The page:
Last week on this very website, I wrote a column on how the Florida Panthers had made several moves with the start of free agency that left plenty to be desired. Late Friday night, the Cats took that a step further.
In what was arguably one of the biggest trades in franchise history, Florida dealt one of the team's longtime stars - forward Jonathan Huberdeau - along with defenseman MacKenzie Weegar, a prospect and a draft pick to the Calgary Flames for forward Matthew Tkachuk.
On the surface, it's a move that some Panthers fans might think is crazy. How on Earth are you going to get back to the Stanley Cup Playoffs without the man who broke the franchise record in assists and points scored for a team that won the President's Trophy last season?
In reality, it's not as bad as those fans might think it is at this point. Tkachuk had more goals last season (42 to Huberdeau's 30 goals) for a Flames team that went to the same round of the playoffs as Florida. He's also five years younger and, at 24, won't have his next birthday until the Panthers' 28th game of the upcoming season.
In reality, like most things in this world, this was a money move if we've ever seen one.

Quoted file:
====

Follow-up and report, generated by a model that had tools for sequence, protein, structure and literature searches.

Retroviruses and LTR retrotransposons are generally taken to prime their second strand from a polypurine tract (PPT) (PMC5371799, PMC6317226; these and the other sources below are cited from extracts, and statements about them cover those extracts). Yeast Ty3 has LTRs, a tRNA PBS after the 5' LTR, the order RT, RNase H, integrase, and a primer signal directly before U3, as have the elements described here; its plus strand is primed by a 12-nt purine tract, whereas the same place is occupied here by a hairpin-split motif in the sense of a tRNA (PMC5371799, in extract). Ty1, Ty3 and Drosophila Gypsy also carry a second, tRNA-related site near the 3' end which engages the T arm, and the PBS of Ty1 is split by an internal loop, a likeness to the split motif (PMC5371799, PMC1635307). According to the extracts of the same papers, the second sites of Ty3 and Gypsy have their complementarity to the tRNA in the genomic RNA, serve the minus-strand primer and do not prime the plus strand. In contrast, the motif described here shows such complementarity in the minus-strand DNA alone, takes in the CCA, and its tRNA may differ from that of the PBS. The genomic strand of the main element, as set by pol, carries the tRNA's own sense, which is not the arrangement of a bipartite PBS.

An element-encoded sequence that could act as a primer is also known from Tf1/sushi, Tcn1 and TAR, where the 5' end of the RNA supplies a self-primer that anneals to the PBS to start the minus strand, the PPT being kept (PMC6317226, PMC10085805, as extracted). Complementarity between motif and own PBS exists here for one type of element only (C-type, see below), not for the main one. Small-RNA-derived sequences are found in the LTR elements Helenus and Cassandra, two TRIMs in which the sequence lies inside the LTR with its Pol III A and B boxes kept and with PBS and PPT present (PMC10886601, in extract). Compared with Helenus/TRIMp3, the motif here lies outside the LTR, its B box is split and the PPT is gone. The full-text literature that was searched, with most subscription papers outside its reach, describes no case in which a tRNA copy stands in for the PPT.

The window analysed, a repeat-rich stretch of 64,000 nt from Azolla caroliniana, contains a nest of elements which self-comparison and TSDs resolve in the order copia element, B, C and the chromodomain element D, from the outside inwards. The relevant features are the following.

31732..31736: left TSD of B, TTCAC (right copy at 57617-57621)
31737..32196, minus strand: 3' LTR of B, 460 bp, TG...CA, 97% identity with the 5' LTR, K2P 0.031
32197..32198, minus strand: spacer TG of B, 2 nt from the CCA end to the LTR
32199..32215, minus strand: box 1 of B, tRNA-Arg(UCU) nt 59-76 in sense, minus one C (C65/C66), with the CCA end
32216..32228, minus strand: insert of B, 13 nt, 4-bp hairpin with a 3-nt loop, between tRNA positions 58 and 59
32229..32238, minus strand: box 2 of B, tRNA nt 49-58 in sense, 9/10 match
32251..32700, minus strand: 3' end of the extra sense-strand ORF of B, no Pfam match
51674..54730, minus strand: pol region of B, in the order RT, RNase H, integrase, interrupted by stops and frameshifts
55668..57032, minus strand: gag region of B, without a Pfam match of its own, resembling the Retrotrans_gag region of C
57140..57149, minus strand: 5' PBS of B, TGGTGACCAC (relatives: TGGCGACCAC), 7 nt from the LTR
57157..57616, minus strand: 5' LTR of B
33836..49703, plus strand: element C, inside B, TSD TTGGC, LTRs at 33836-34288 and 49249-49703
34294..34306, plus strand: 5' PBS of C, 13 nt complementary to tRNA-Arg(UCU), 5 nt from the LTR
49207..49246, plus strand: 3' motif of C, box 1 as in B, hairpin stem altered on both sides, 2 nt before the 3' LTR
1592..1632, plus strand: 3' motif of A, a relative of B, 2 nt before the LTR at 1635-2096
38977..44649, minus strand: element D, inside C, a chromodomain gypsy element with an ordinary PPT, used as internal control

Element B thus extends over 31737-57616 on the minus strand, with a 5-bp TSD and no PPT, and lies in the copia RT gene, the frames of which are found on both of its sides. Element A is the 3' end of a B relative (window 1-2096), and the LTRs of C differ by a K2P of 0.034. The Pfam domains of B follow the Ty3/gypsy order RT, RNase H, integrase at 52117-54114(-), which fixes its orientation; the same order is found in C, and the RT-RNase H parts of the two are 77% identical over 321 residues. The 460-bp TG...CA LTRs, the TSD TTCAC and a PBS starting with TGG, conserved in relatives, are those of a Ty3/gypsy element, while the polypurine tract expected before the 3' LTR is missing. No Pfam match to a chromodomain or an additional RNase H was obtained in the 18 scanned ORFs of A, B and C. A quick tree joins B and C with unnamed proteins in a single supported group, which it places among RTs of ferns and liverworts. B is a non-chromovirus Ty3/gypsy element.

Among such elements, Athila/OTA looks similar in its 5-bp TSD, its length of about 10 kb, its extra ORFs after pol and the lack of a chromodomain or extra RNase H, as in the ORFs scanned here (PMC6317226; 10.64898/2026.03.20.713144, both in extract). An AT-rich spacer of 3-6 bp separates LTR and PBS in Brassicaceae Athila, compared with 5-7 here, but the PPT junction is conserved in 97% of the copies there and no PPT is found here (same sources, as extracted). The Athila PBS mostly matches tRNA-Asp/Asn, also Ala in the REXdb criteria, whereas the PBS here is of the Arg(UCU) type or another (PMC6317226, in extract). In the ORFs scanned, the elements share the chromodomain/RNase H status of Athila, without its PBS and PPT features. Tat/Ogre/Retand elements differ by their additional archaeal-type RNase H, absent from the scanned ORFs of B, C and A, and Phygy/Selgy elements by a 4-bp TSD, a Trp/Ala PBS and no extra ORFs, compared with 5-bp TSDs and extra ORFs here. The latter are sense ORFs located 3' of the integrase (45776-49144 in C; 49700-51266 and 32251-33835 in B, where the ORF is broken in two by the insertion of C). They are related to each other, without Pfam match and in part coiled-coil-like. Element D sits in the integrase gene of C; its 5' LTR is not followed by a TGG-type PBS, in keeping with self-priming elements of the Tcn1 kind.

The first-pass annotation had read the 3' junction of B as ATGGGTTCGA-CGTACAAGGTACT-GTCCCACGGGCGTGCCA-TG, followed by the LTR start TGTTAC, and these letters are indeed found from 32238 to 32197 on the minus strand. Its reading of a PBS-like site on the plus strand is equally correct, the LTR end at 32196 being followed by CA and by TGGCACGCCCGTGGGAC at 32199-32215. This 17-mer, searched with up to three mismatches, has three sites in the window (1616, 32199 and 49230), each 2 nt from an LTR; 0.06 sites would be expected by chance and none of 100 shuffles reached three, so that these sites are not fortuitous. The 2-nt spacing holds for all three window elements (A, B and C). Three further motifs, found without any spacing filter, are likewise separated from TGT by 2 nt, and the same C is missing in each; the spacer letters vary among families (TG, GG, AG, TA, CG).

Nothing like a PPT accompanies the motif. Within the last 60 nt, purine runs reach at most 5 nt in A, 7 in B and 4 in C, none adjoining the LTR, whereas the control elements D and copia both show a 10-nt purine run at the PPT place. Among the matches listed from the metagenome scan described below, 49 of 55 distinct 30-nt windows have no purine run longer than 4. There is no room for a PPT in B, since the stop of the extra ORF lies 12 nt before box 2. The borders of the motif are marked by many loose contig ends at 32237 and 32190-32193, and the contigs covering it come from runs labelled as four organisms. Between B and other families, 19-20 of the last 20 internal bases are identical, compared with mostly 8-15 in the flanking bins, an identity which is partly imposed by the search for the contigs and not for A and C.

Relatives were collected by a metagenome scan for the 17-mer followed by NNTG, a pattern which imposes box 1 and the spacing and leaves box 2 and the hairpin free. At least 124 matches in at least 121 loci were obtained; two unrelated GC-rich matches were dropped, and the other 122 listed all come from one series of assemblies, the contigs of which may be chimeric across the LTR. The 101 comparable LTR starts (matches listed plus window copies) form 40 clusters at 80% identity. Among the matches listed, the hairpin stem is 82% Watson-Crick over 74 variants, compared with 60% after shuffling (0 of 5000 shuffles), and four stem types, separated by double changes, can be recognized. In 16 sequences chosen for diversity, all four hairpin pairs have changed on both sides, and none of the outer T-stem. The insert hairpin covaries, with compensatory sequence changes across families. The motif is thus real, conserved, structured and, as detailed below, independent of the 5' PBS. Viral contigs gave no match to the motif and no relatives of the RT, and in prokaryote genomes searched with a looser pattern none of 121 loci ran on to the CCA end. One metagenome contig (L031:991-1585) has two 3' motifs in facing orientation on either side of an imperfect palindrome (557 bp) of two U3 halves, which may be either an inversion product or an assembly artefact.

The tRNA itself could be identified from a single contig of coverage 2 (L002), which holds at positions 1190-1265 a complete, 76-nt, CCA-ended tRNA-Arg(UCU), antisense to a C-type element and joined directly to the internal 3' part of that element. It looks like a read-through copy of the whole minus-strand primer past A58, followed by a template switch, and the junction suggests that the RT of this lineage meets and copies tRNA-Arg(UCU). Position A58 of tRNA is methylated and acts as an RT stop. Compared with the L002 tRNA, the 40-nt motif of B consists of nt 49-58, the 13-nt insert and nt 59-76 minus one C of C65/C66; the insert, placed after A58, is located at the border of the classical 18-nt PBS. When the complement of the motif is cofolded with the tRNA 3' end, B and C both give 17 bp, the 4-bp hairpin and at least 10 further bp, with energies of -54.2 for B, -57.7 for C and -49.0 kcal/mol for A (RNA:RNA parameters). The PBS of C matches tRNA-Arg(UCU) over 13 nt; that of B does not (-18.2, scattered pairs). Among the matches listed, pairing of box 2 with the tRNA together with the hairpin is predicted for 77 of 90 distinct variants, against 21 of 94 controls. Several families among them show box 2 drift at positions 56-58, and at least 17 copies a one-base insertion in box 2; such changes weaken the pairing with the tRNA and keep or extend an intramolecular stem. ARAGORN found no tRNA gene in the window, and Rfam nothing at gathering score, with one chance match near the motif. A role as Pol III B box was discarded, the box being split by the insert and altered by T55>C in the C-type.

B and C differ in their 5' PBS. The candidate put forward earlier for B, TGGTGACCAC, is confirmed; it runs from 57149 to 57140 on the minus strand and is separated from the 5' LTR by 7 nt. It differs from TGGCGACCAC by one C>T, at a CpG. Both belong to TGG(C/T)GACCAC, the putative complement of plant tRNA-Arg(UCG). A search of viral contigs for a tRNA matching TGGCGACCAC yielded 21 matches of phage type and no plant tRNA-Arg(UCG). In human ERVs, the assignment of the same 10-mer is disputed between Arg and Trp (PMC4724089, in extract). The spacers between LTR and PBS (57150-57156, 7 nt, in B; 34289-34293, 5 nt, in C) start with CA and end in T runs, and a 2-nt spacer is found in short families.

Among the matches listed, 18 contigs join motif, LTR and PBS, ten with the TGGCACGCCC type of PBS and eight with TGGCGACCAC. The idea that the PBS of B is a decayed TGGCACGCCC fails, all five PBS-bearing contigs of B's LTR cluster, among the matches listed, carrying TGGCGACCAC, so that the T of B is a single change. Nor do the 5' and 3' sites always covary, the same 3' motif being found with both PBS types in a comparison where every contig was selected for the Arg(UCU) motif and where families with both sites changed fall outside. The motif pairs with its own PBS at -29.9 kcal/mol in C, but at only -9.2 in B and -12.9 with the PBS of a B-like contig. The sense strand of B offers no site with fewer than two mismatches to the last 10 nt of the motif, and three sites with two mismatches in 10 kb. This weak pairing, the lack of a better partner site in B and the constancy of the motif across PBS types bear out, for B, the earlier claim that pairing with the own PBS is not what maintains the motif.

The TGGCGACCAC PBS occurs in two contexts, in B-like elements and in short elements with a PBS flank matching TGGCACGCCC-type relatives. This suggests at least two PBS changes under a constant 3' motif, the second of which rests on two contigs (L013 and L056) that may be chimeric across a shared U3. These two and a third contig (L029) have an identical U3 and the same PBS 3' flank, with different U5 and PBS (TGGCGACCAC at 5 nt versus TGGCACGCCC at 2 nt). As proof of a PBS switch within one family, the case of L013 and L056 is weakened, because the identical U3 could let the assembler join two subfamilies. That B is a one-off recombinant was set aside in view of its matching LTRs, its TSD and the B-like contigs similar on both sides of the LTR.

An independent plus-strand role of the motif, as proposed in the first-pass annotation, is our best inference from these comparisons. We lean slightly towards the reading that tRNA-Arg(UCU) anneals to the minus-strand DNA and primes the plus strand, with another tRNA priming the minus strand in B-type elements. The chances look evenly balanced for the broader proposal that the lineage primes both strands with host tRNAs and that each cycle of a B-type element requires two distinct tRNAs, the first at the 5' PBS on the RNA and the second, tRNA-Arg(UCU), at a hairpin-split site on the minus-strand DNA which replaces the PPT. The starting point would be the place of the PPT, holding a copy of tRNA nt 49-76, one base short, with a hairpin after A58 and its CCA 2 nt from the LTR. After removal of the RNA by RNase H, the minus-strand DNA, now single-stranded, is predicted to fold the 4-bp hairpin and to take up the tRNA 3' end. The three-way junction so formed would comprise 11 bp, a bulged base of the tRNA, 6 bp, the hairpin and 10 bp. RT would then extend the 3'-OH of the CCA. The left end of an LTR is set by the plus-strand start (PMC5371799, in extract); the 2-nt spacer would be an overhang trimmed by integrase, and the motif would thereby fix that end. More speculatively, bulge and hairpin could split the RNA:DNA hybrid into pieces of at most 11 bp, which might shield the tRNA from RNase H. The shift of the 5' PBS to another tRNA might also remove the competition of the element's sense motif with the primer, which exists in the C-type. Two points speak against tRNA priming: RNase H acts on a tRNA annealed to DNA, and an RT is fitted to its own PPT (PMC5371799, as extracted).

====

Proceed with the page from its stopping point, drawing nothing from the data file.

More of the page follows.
Huberdeau was set for a big payday after this upcoming season, his final one under contract with Florida. After the Panthers gave a big money deal to captain Aleksander Barkov last summer, they may have been slightly more hesitant to give another 10+ year deal out at this time.
It's one of the reasons Florida seems to be letting go of players that led them to the first playoff series win since 1996. Names like Huberdeau, Claude Giroux, Ben Chiarot and more will be playing somewhere else next season - the flip side of the salary cap for this upcoming season the the Panthers remain $3.3 million over the limit.
Will Huberdeau's leadership be missed this upcoming season? Probably. But even with that, someone of Tkachuk's ability - and getting him to sign through the 2029-30 season - is something that Florida could not pass up.
It's something that also means Florida likely will not repeat as the team with the NHL's best record last season, but it's the start of building something that could bring them something more important: the Stanley Cup.